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An overdue ceremony for a North Dakota veteran

A North Dakota family was finally able to properly honor the memory of a soldier after waiting over forty years.

Private Donovan Walton, who was from Minot, joined the Marines when he was about sixteen years old. Two years later in 1944 when he was eighteen, he and seven other soldiers died in a plane crash.

They were buried in a mass grave in Missouri, and since Walton’s younger brother, Ray Walton, was about sixteen himself and had no way to get to Missouri, the family was never able to receive the closure they wanted.

Jean Schafer said her father, Ray Walton, tried multiple times to have his brother’s death honored by the military, but in 2007, he passed away. Schafer said she and her sisters picked up where he left off a few years ago, and Thursday, they were finally able to attend a military ceremony honoring their uncle Donovan.

“We wanted to bring that closure in our father’s memory, hoping he’s looking down on us, smiling and proud and feeling that closure. But it’s just about that, and you don’t get that until some of these symbolic things happen,” Schafer said.

Schafer said her father eventually was able to get a stone commemorated to Donovan at the North Dakota Veterans Cemetery in the 90s. He considered it to be the first time Donovan’s death had been acknowledged by the military.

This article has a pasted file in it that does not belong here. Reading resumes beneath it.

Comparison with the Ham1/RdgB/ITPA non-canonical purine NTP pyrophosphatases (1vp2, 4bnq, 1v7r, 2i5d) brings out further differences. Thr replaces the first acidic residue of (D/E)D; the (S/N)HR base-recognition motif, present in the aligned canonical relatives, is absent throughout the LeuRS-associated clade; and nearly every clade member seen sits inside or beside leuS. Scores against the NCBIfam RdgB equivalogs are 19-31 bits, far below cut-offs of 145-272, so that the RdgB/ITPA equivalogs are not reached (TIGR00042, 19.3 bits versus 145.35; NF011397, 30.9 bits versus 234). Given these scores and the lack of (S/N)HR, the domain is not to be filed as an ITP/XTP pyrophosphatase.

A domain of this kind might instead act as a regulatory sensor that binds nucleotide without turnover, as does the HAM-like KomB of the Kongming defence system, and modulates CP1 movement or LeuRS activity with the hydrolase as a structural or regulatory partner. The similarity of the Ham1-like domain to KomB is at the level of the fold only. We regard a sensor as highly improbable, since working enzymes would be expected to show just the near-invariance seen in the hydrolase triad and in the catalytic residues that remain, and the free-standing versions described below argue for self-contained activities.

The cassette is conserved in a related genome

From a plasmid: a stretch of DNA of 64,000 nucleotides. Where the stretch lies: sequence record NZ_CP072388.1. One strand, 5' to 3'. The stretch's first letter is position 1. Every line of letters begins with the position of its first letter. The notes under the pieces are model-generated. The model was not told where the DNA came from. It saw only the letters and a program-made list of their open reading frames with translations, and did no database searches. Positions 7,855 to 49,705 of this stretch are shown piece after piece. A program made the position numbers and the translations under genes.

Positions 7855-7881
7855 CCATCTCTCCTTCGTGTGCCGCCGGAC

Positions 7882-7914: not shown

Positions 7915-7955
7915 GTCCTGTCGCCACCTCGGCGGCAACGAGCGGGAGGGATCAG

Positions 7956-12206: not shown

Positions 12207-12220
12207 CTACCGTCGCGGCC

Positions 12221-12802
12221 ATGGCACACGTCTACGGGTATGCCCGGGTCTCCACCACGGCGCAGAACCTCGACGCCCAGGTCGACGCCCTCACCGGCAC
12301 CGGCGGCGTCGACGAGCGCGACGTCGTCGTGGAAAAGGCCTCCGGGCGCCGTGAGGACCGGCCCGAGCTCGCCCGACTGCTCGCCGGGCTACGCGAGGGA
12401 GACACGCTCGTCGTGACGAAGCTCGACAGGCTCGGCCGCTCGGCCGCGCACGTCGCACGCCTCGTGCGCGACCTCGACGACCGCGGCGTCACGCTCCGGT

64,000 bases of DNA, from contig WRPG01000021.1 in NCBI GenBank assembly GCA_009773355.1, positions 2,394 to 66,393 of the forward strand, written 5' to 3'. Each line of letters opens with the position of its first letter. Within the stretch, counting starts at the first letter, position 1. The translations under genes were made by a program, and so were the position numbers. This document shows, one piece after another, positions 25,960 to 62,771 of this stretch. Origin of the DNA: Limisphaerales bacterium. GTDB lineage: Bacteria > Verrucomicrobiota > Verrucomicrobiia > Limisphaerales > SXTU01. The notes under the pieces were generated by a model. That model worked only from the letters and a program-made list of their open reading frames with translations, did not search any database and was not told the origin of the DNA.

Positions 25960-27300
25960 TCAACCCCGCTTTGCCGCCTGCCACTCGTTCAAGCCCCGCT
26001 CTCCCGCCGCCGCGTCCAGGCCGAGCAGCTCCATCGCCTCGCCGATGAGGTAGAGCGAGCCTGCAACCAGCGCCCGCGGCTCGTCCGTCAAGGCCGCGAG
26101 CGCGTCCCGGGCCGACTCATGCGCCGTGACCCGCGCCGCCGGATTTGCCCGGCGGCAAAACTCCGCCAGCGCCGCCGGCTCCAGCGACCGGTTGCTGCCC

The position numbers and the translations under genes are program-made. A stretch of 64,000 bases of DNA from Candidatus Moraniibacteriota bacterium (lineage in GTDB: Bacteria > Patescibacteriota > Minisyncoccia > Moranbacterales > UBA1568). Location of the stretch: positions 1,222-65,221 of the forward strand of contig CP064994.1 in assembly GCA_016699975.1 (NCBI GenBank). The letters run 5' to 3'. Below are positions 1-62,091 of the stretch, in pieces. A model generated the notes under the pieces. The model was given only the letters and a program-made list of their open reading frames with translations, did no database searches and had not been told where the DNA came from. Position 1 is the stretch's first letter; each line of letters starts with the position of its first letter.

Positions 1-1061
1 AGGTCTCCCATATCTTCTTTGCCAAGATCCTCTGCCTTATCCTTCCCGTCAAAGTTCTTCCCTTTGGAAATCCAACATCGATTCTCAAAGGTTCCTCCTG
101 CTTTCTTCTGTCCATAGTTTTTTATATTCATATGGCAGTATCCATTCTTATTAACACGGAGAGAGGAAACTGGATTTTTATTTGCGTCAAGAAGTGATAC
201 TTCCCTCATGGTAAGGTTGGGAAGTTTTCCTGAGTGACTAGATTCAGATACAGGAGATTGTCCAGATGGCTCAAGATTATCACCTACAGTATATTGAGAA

Several years after Schafer’s father died, she said she was able to connect with two men who were able to help her and her sisters piece together the soldiers’ histories.

Andy Zachmeier, who serves on the Morton County Commission, got involved when he discovered there was no record of Donovan’s family ever receiving a folded flag, medals or funeral. He said that was when he dug into Donovan’s history, and eventually, he found his commander’s notes.

“The marine commander said that every marine that was working on that aircraft, under heavy enemy fire, and did not flinch, did not run, should get a commendation. So today, hopefully, that was that commendation,” Zachmeier said.

Schafer said she ended up reaching out to Senator Cramer’s office. While they were unable to get the United States Marine Corps to help, they were able to work with the North Dakota Department of Veterans Affairs in order to arrange the overdue ceremony.

Zachmeier said there were a lot of Morton County residents who served during World War Two, but Donovan Walton’s was the first of its kind he’d come across.

Source: KFYR TV